Point vs. Counterpoint

PCP – (Point) Yoda is Smarter Than Spock

Smarter Yoda is than Spock.

This argument is inspired by a Waterloo paper by Igor Grossman, Harrison Oakes’, and Henri Santos titled “Wise Reasoning Benefits from Emodiversity, Irrespective of Emotional Diversity” which argues that wise reasoning is benefited by a healthy sense of emotions in life. They back this argument up with observational, diary, and experimental studies. In their discussion, they conclude Yoda’s emotional balance makes him wiser. However, does that make him smarter?

When considering these two popular science fiction characters, one can see a lot of similarities. Spock and Yoda both have strong logical thinking, problem-solving skills, and moral compass.

What sets Yoda apart from Spock is his wisdom. Yoda is wiser due to his age and experience. Yoda was just under 900 years old in the original trilogy, while Spock was 35 years old in the original TV series. This 865-year difference gives Yoda a strong advantage in terms of experience. He is able to utilize experience more than Spock to solve problems simply because he has it. As a result, he understands himself and the world better and can make wiser decisions.

However, wisdom is not intelligence. Wisdom is the making of good decisions using knowledge of one’s self, experience, and ethical sensitivity.

Although, I am neither making the argument that Yoda is more intelligent or wiser than Spock. I am arguing that Yoda is smarter than Spock. For this argument, I am drawing on Howard Gardner’s Theory of emotional intelligence.

Yoda’s wisdom and experience give him a stronger interpersonal and intrapersonal intelligence. He is able to cope with emotions because he embraces them. He expresses his emotions including joy, sorrow, and regret. In contrast, Spock is unable to function with emotions. He suppresses emotions to favour logic. Consequently, when Spock feels emotions, he is unable to act appropriately. Consider Spock in “The Naked Time”, episode four of the first season of the Star Trek television series. He is unable to protect his own crew from an infection spreading on the ship. His inability to contain his emotions after Nurse Chapel confesses her love for him results in Captain Kirk becoming infected. Logical reasoning is useless if it breaks down with emotion.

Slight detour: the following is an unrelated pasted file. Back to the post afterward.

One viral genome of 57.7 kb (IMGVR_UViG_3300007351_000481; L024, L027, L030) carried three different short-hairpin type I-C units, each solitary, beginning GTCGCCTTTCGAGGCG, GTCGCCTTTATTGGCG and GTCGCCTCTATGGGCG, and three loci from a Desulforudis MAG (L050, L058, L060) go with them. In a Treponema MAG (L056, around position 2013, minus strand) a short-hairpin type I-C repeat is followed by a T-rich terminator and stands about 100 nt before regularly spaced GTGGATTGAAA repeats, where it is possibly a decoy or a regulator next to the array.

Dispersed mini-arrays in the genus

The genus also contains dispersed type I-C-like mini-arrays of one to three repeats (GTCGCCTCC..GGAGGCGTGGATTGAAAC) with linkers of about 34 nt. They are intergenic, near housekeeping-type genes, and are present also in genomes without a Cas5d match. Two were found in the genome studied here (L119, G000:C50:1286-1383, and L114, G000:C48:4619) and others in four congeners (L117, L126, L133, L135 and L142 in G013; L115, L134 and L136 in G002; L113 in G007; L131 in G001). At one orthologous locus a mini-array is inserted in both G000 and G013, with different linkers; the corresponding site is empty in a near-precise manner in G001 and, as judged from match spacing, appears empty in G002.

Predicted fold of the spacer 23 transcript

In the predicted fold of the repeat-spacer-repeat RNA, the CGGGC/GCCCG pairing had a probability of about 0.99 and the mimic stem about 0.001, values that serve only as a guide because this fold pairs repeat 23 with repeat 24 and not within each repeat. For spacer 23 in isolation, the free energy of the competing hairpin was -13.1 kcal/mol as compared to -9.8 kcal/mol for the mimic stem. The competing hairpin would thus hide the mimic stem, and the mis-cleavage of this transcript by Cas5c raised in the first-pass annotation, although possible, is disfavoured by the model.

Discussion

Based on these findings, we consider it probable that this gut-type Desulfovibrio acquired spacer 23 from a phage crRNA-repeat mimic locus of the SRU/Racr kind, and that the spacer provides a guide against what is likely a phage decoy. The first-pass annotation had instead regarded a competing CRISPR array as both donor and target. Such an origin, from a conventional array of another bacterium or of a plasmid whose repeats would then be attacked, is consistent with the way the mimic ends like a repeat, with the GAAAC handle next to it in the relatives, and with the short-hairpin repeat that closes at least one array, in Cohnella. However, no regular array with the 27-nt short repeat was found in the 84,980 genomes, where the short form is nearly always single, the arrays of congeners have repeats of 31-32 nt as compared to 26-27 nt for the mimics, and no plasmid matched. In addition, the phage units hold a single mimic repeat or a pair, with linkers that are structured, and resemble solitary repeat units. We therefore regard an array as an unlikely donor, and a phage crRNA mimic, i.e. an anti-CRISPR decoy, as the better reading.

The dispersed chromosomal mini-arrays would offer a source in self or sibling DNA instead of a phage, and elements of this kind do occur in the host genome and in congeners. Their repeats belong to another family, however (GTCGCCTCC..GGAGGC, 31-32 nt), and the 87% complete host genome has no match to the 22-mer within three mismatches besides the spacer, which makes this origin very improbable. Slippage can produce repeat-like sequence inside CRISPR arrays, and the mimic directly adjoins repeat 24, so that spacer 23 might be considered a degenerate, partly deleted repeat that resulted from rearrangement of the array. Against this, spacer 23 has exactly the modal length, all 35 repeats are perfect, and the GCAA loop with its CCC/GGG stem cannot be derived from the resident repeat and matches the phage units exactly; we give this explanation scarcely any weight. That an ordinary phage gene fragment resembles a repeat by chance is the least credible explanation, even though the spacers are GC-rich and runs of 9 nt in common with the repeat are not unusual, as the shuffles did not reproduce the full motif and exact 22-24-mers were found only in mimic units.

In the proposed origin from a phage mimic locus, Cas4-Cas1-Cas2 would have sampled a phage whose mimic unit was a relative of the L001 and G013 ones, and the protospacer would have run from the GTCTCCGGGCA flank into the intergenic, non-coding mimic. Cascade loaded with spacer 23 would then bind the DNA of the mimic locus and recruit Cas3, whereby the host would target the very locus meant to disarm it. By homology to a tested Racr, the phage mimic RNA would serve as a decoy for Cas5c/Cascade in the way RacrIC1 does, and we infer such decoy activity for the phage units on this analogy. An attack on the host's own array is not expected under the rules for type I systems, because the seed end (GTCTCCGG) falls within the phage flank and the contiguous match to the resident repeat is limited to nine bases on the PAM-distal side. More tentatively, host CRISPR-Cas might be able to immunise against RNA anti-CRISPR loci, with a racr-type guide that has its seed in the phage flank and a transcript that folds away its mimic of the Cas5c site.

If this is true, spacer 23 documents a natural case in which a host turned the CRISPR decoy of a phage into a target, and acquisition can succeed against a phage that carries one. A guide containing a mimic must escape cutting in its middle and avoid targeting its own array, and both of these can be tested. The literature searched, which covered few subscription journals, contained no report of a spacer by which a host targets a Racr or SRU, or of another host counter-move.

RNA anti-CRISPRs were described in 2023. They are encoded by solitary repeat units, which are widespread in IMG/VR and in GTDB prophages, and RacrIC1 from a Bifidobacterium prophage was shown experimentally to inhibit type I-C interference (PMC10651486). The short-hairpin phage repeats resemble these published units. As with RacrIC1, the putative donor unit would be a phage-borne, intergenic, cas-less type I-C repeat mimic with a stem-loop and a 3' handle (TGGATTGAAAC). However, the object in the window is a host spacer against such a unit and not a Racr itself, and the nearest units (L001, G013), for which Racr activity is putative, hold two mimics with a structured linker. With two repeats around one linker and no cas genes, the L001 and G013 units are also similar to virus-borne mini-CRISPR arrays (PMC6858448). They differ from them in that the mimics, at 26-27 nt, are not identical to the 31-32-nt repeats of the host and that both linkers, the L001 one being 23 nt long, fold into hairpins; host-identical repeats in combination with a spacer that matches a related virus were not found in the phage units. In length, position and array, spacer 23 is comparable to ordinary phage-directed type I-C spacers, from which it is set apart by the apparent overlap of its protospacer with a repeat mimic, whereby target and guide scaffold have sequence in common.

Spock has a slight disadvantage when it comes to emotions. His Vulcan ancestry makes his emotions very intense. That is why Vulcans repress their emotions. Otherwise, they’d be unable to function. Spock, with his human side, even lacks some skill in emotional repression. Thus, he is unable to regulate his emotions because they are so intense and unable to repress his emotions because he is human. However, just because Spock’s ancestry is to blame doesn’t make the aforementioned evidence false. It’s just simply not Spock’s fault that he can’t be as smart as Yoda.

Yoda, however, is able to use his emotional experiences to his benefit. He uses his strong intrapersonal intelligence to interpret his own emotions. For instance, he explains to Ezra Bridger, in Star Wars: The Clone Wars that it is a struggle to recognize fear and not turn it into anger. This is important because as we all know: “fear is the path to the dark side. Fear leads to anger. Anger leads to hate. Hate leads to suffering.”  Yoda’s ability to recognize the downward spiral of being consumed by emotions while avoiding it shows a strong intrapersonal intelligence. Where does this come from? He had 900 years of experiences with emotions and wisdom to develop this skill.

As for his interpersonal intelligence, Yoda is able to deal with the conflict and frustration of his students. He is able to transfer his own emotional knowledge to them and watch their strong emotions through training without breaking down. It has made him a remarkable teacher. Again, this ability to deal with students comes from his wisdom and experience.

One may argue that Yoda’s famous odd phrasing makes him unintelligent. If Yoda isn’t able to put together a proper sentence, how can he be considered smart? Actually, linguists argue that Yoda is speaking proper English. Shakespeare wrote “[f]or them the gracious Duncan have I murdered” in Macbeth and “Little Drummer Boy” contains the lyric: “[c]ome they told me, the newborn king to see”. So why do people not criticize odd phrasing in these forms? It’s art. Yoda’s form of speech can still be understood, it just uses a different style. That doesn’t make him unintelligent. Would anyone consider Shakespeare unintelligent because he mixes up his subjects and predicates?

It’s easy to think that being smart means logic. However, Yoda is a clear example in pop culture exhibiting how being smart requires more than logic and rationality. It requires a balance.

Leave a Reply